Health

Local children are falling ill by similar symptoms of the mysterious Kawasaki disease

BOSTON — Doctors are warning parents about a mysterious illness targeting children, where the symptoms are similar to those of the Kawasaki disease.

“The tongue swells up and it’s really red, then has white spots," said Nancy O’Connor, a nurse from Plymouth, whose son, Jake, was diagnosed with the disease when he was 10 years old. “It looked like a giant strawberry.”

O’Connor said about a decade ago, Jake developed puzzling symptoms, including bloodshot eyes, hives and swelling. “The bottoms of his feet, the palms of his hands and his groin were completely red, sloughing off like he was molting," she said.

For nearly two weeks, Jake was suffering as O’Connor says doctors were left perplexed by his symptoms and condition. Turns out, they were symptoms of the Kawasaki disease. Now, local doctors are now seeing a return of what they call pediatric multisystem inflammatory syndrome, similar to the Kawasaki disease.

“The child develops a fever, red eyes, a red rash, sometimes red lips, red tongue, rarely in complications, they can develop complications in their arteries, like heart arteries,” said Dr. C. Michael Gibson, a cardiologist at Beth Israel Deaconess Medical Center and a Harvard Medical School professor. He says this syndrome is affecting children in New York and in Europe.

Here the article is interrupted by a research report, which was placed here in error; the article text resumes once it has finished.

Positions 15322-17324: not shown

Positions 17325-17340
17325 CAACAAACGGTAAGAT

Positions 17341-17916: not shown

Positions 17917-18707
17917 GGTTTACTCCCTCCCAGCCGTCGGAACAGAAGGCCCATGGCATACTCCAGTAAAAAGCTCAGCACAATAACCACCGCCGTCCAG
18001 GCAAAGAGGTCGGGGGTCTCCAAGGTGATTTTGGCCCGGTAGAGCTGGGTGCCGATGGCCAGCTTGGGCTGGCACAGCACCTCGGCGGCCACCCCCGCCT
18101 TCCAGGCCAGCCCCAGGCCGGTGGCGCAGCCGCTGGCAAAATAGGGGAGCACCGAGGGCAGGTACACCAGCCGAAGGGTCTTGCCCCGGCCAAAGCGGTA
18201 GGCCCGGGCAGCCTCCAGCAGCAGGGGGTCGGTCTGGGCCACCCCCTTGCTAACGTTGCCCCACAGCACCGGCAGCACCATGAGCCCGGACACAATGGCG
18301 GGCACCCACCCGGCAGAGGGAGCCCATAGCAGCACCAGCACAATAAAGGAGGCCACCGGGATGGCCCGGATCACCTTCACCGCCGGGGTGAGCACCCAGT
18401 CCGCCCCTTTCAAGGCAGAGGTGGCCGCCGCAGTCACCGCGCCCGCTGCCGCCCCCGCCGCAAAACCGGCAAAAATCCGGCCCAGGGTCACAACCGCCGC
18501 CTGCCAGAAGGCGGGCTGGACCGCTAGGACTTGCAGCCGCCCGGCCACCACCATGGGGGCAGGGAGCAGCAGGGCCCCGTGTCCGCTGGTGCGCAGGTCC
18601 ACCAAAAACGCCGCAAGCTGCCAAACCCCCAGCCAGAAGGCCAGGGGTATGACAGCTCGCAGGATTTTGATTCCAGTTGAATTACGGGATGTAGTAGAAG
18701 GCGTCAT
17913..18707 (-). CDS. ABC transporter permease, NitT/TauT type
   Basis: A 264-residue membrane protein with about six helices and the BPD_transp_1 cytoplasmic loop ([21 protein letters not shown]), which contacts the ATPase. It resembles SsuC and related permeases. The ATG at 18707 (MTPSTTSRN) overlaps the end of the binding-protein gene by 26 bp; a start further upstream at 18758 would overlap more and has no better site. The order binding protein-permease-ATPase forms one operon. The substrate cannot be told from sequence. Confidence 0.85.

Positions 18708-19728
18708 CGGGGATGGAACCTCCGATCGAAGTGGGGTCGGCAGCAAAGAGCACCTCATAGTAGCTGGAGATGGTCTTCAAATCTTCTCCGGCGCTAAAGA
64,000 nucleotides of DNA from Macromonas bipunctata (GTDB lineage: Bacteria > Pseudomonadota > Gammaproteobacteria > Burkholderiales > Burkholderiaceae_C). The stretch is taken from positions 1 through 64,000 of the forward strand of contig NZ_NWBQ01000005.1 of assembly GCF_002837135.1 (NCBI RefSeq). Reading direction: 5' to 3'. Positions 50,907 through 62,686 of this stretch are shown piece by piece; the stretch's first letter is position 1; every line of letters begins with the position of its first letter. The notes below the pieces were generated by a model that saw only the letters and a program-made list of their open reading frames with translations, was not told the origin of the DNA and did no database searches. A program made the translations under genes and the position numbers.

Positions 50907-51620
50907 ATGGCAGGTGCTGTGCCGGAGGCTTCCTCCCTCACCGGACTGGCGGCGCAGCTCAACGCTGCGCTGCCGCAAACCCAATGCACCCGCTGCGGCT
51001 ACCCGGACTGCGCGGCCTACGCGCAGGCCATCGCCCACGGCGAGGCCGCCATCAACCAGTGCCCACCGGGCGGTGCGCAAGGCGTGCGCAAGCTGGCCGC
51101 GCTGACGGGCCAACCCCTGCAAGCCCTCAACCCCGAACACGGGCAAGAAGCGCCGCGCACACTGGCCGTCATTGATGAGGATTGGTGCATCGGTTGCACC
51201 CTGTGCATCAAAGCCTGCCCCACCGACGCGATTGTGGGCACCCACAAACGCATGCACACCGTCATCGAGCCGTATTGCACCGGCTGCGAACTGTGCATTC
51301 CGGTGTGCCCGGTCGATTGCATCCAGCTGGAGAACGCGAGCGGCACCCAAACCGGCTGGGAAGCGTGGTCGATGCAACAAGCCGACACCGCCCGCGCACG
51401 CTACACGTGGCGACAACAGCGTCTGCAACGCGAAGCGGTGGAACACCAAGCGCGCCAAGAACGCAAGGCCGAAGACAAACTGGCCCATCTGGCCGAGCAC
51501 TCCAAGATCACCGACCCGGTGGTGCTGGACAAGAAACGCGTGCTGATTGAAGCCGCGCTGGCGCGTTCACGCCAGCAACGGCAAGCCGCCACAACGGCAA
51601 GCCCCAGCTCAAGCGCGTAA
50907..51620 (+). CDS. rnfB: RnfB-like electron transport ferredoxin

Doctors are trying to determine why symptoms similar to Kawasaki disease are appearing in some children and if there may be a link to COVID-19. “This seems to have cropped up as the coronavirus is erupting," said Gibson. "This might be an inflammatory response in kids after they had coronavirus.”

O’Connor says it took her son 3 weeks to recover and he hasn’t had any other side effects since it happened nearly a decade ago, except to his immune system. “Whenever he gets sick, he gets really sick, whenever he gets a cold, he gets down and out.”

Dr. Mary Beth Son, a pediatric rheumatologist, said Boston Children’s Hospital is seeing suspected cases of pediatric multisystem inflammatory syndrome and research into why children are getting it is underway locally and in Europe.

Doctors say if you see early symptoms in your child, and a daily, persistent, go to the doctor right away.

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